Kunstverein in Hamburg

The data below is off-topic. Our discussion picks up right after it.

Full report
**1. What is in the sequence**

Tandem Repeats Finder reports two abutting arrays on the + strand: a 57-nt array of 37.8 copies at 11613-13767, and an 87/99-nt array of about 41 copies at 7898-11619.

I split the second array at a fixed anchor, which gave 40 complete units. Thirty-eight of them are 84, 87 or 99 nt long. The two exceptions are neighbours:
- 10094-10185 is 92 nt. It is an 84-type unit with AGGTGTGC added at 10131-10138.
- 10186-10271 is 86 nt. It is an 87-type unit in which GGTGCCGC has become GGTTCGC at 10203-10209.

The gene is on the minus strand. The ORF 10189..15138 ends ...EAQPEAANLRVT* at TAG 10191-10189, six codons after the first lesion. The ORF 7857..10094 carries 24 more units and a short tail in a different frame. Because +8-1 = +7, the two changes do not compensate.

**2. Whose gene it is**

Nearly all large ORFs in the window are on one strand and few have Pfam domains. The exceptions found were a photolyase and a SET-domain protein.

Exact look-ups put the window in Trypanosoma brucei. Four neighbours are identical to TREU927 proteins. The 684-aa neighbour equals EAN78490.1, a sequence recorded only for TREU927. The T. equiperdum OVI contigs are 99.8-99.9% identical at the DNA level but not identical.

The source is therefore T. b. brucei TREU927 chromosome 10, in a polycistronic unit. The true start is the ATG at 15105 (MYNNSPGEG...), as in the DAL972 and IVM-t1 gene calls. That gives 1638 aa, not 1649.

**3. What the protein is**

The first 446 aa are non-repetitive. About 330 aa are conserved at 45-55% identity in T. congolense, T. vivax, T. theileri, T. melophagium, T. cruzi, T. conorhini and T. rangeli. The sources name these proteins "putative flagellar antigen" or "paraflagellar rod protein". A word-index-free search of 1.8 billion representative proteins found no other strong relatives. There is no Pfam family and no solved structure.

A lot of the work in “Formalismus: Moderne Kunst, heute” (Formalism: Modern Art Today) seemed unfinished but in a perfectly justified way. Wade Guyton’s ripped canvases with large rectangular spots look spontaneous but are, in fact, calculated computer prints. Sergej Jensen’s linen-and-cotton works seem unmacho, even shy, abstract, and totally lacking in content, but the shapes have exact points of reference––to German politics, for example. Rather than signal a return to purified ideas of painting and sculpture, the imperfect appearance and precise, self-conscious shabbiness found in many of the contributions by the twenty-four mostly German, British, and American artists indicated what was really at stake: a reexamination of the basic ideas of modernism in light of the very contemporary cognizance that every detail of presentation and production is already contaminated by specific

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